end of life discussions

For those that don’t know, my sweet hubby, George, is a hospice nurse. Yep, he is one of those incredible, loving, compassionate people who care for the dying.

Good for me as I have multiple medical issues that will ultimately get me and I have zero desire to hit up a hospital or go through all kinds of treatments for something that is end game at best.

I think as we age it is vitally important to discuss end of life issues with one’s family or significant other. Especially to do so while one is in fairly good health.

So many couples we have known have not discussed what they want or what they expect and when their spouse dies are left feeling helpless and hopeless…constantly second guessing what their loved one would have wanted.

I’m not sure where this seemingly western attitude of fearing death came from………I have had discussions with people from the Orient, the Middle East, Central America……….none of them seem to share my own family’s inability to talk openly about death. I tried talking with siblings and ended up having to stop because:

  1. they got upset
  2. they got mad
  3. they thought I was already dying and didn’t know how to tell them
  4. they refused to engage in discussion

What is the big deal people?  For those of “faith” I would think it would be an easy discussion. It’s easier to get an atheist to discuss death than for me to get my ‘Christian” brother to do so………

What is so danged hard? We are all of us going to die at some point…discussing specifics about what you want and don’t want will not bring it about any faster.

Do yourself a favor.  If you know basically what you want, tell a family member.  Tell a friend. Better still, write it down so no one argues about your wishes later.  You never know if a bus is going to go amok and run over you.

 

16 thoughts on “end of life discussions

  1. I think as the years and the decades go by, we, as a society, are pushing back the very idea of death. People don’t get exposed anymore, sometimes there’s not even funerals. Even animals… We don’t want to see an animal being put to death, though we enjoy our steak or chicken wings… People just don’t know how to aknowledge death.

    I have no problem with talking about death. I even discussed my funerals with my dad once, in case I’d die before him and my mom… And we even did so with humor 😉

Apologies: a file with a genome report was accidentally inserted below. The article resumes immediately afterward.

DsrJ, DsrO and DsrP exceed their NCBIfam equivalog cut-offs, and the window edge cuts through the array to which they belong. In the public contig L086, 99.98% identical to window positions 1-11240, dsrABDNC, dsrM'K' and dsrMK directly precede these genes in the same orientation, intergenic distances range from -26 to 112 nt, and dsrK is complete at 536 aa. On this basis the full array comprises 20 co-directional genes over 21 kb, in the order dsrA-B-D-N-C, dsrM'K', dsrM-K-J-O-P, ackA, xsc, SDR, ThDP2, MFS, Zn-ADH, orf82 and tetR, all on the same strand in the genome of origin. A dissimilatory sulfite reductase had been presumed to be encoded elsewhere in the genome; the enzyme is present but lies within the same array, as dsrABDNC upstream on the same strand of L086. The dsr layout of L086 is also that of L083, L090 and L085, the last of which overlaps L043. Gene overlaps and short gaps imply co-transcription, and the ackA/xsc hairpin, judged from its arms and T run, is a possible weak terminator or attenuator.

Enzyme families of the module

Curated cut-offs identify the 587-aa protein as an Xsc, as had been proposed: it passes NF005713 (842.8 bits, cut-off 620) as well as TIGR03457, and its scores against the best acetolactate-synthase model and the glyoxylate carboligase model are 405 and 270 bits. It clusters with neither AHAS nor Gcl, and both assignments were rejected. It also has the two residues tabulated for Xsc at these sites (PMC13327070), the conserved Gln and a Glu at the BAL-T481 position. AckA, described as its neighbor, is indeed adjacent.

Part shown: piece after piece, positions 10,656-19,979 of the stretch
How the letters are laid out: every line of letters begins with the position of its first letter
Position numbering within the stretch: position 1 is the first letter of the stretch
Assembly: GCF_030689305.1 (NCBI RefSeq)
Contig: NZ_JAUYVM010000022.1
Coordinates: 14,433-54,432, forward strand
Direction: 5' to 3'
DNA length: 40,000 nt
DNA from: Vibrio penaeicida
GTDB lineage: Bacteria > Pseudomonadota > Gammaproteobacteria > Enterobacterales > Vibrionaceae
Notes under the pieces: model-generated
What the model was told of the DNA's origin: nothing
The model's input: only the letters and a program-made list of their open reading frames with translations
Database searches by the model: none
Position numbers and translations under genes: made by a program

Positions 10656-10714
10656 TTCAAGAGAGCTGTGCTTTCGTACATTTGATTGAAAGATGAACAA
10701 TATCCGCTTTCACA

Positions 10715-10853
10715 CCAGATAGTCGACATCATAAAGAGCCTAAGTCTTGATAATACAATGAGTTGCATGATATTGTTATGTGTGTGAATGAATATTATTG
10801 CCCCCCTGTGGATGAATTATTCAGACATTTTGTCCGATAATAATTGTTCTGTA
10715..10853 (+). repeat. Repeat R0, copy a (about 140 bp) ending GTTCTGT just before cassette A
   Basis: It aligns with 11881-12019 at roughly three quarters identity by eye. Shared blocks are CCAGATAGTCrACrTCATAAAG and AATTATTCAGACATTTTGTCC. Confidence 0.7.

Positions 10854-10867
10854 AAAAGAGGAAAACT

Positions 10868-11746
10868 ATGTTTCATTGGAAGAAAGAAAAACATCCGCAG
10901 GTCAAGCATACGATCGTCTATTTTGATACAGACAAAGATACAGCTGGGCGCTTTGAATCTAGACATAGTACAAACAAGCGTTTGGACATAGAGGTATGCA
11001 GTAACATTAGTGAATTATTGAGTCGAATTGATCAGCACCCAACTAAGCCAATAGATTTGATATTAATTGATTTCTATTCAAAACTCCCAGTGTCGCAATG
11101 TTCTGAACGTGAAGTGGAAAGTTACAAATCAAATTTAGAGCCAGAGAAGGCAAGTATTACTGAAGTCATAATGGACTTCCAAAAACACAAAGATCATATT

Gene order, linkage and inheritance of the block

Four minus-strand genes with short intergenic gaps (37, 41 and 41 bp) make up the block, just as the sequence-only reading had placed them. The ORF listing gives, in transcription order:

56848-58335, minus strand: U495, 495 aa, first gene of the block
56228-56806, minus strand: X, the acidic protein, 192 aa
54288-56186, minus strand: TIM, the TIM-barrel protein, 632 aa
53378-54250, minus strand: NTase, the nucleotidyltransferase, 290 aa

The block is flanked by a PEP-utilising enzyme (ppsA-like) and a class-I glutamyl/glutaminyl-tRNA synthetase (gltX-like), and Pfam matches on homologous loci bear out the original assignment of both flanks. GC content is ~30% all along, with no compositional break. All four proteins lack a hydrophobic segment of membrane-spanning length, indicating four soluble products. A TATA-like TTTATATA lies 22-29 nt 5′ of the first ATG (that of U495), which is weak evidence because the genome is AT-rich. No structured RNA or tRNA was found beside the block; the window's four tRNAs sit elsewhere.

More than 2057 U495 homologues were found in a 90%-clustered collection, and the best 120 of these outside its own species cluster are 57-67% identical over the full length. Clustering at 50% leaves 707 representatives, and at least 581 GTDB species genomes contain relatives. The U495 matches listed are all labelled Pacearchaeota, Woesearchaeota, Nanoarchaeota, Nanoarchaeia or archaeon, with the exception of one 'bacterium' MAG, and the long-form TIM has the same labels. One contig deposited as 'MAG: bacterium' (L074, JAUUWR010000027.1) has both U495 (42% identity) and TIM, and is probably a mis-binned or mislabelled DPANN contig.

Liked by 2 people

  2. I’m so sorry about your hubby!

    You are right. No one wants to talk about death. It’s as though they think if they don’t talk about it, it won’t happen.

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    1. I think you misunderstood, Juli-she said her husband is a hospice nurse. Not that he is on hospice. 😊

      Liked by 2 people

      1. I certainly DID misread!!! Oh dear!!!!!!! That’s what happens when I’m on the Internet past my bedtime! Soooo Sorry!!!!!!!!!!

        Liked by 2 people

      2. it’s okay, Juli….a LOT of people do that.

        Liked by 1 person

    2. I think you misunderstood. he works for hospice..he’s a nurse. not a patient sweetie.

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  3. I have no issues talking about it. Neither does my mother. We have both talked openly about our wishes. My sister will, but prefers not to. It’s important for loved ones to know. My dad was in hospice care at home before he died, the hospice team were wonderful! They are who we called when he passed. They were a big help. It definitely takes a special person to do such work. 🙂

    Liked by 1 person

  4. Your husband is incredible person indeed and so are you for supporting him!!. it is not a easy task, I know… I helped my late wife deal with cancer for 4 years so not only do I have a bit of experience in that area, I also met a number of hospice nurses who helped along the way…
    Unfortunately people do not wish to talk about death because they live in fear, and death seems to be final… my family knows my wishes so now it is on the back burner and it is back to living life for however long… although I am not going to be changing the water heater anytime soon… 🙂

    Liked by 1 person

  5. I’m young by society’s standards but have already begun planning/preparing for what Caitlin Doughty calls “the good death”. Unfortunately, my attempts to talk about such matters have been largely ignored.

    Liked by 1 person

  6. My family and I have no problem talking about death, it comes to us all at some point. My mum has a funeral plan organised and paid for, so has John. I will do my own as soon as funds allow it. To me death is not the end but the beginning. I would not want a fortune spending on a funeral because personally I think it’s a waste of money.

    Liked by 1 person

    1. George knows just cremate me and dump the ashes in my garden somewhere. Then have a party. I want people telling Suze stories and laughing all night long. I thought about making a tape recording of me saying “don’t I look natural?” or “is my butt too big in this dress?” and leaving it next to the urn, but George said I wasn’t allowed to do that. LOL

      Liked by 1 person

  7. A very brave and important post. Thank you. I told my family, when I pass, I just want them to leave me sitting on the living room couch. That’s as much as I can handle discussing it at this point.

    Liked by 1 person

    1. what a great visual! I can see you now on NewYearsEve..cigarette holder in one hand and martini glass in the other..lampshade on your head.

      Like

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